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Latest F1 news in brief
  • FOTA breached Ferrari's 'veto' rights - Mosley
  • 'Politics' threaten French F1 project - Alain Prost
  • Swiss F1 driver Heini Walter dies
  • Vettel needs a manager - Jackie Stewart
  • Rookie Buemi escaped disaster by '10 cm'

FOTA breached Ferrari's 'veto' rights - Mosley
(GMM)  Max Mosley believes Ferrari will lose its court action on Tuesday.

The case, an application for an injunction against the 2010 rules to be heard by a French court, is based on the Italian team's 2005 agreement with the sport's governing body.

Amid the last 'breakaway' threats three years ago, the FIA and Bernie Ecclestone reached a private agreement with Ferrari, offering more commercial income, stable rules, and special 'veto' power regarding major upheavals.

Ferrari claims this agreement has been breached, but Mosley believes that it is the Maranello outfit that did not live up to its end of the bargain: loyalty.

"They were in a position where they had whatever they had under the old 1998 Concorde agreement in return for being loyal," he said.

Mosley believes Ferrari broke the agreement by establishing the Formula One Teams Association (FOTA), of which president Luca di Montezemolo is chairman.

"Essentially, they walked away by forming FOTA.  They were always supposed to be loyal to the FIA, work with us and cooperate," said the FIA president.

'Politics' threaten French F1 project - Alain Prost
(GMM)  Political opposition is posing an obstacle to the health of France's new formula one project, according to Alain Prost.

The former quadruple world champion said that while French prime minister Francois Fillon backs the project at Flins-Les-Mureaux, northeast of Paris, there are troublesome "political problems".

For example, it is believed that Fillon's own environment minister fiercely opposes the project.

"On the side of the government, it is necessary that everything is clear," Prost told the Le journal du Dimanche newspaper.

He said a formal procedure of "public debate" is possible, which would "undoubtedly" complicate plans to stage a French grand prix there in 2011.

Prost indicated that Flins is the only chance of the country returning to the formula one calendar in the foreseeable future.

"The only alternative is Magny Cours, but it is not compatible with the desires of Bernie Ecclestone and the manufacturers," he explained.

With the failure of the Disneyland Paris project in recent memory, Prost said politics are routinely a problem "in France".

"Everyone has their own agenda," the Frenchman contended.  "It is difficult to get everyone in unison, much time and energy is wasted.  And then there are the people who make a lot of noise without knowing enough.

"I don't want to give up but it is difficult to be constantly between two points: it is happening, it is not happening.  It's typical France."

Swiss F1 driver Heini Walter dies
(GMM)  Former grand prix driver Heini Walter has died aged 81.

The Swiss contested just one official grand prix, for Porsche at the Nurburgring in 1962, but also some non-championship formula one races.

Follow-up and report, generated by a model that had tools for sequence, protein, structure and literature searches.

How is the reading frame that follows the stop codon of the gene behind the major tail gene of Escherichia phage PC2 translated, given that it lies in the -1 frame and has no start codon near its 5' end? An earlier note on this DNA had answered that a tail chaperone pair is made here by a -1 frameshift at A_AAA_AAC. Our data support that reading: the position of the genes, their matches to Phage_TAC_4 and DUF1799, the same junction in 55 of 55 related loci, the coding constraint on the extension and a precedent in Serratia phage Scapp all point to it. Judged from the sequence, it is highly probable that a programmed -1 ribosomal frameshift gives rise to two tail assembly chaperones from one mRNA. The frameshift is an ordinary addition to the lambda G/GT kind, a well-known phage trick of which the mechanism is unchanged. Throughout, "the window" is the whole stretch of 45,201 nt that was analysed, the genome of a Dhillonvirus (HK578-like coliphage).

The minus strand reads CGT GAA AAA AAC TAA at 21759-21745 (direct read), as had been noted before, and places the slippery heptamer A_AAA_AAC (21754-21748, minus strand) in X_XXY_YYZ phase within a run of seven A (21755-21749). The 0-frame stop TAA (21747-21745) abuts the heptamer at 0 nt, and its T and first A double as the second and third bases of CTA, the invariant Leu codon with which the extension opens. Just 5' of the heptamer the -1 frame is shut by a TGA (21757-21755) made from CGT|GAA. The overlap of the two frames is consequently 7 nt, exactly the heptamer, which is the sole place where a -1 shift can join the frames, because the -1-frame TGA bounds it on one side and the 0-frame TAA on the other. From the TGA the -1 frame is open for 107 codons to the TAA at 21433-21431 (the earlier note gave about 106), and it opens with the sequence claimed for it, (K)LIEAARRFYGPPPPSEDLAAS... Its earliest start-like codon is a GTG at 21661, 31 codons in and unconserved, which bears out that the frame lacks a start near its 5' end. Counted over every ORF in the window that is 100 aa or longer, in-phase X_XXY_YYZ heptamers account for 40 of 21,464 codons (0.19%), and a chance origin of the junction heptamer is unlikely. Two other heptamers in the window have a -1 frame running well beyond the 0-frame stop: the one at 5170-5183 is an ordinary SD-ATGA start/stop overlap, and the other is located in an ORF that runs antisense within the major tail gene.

Vettel needs a manager - Jackie Stewart
(GMM)  Sebastian Vettel should rethink his policy of not employing a manager, according to former triple world champion Sir Jackie Stewart.

21-year-old German Vettel, the only driver other than Jenson Button to have won a race this season, negotiated his BMW, Toro Rosso and Red Bull assignments with the assistance only of his father Norbert, and an external lawyer.

"Up until now he didn't need a manager," Scot Stewart, 69, told Germany's Auto Motor und Sport.

"But he will not be able to imagine what is going to happen to him if he really becomes a superstar," Stewart added.

Stewart, also a team owner and boss at the end of the 90s, believes Red Bull driver Vettel has not reached his peak of popularity, which will complicate the handling of his own affairs.

"He will become so big that he needs someone to guide him through the things that, apart from driving, are important," he continued.

"He will be dealing with people like politicians, heads of big companies.  He should be prepared for that," added Stewart.

Rookie Buemi escaped disaster by '10 cm'
(GMM)  Formula one narrowly avoided a very nasty outcome at the start of the recent Spanish grand prix.

It was in the first corner melee at Barcelona that Sebastian Bourdais' Toro Rosso climbed over the top of the sister Ferrari-powered car driven by rookie Sebastien Buemi.

"It was dangerous," the 20-year-old Buemi told the Swiss newspaper Blick.

"The other Toro Rosso flew past not less than ten centimeters from my helmet, and a bit of the car hit my right shoulder, which hurt briefly," he revealed.

The incident mirrored one in Australia in 2007, when Alex Wurz's head and hands nearly bore the brunt of David Coulthard's flying Red Bull.

In the wake of the Melbourne crash, additional side head protection was added to the open cockpits of today's F1 cars.

Buemi, meanwhile, clarified that his teammate Bourdais did not apologize for the near-miss.

"No, he said only that he didn't see anything," added Buemi.

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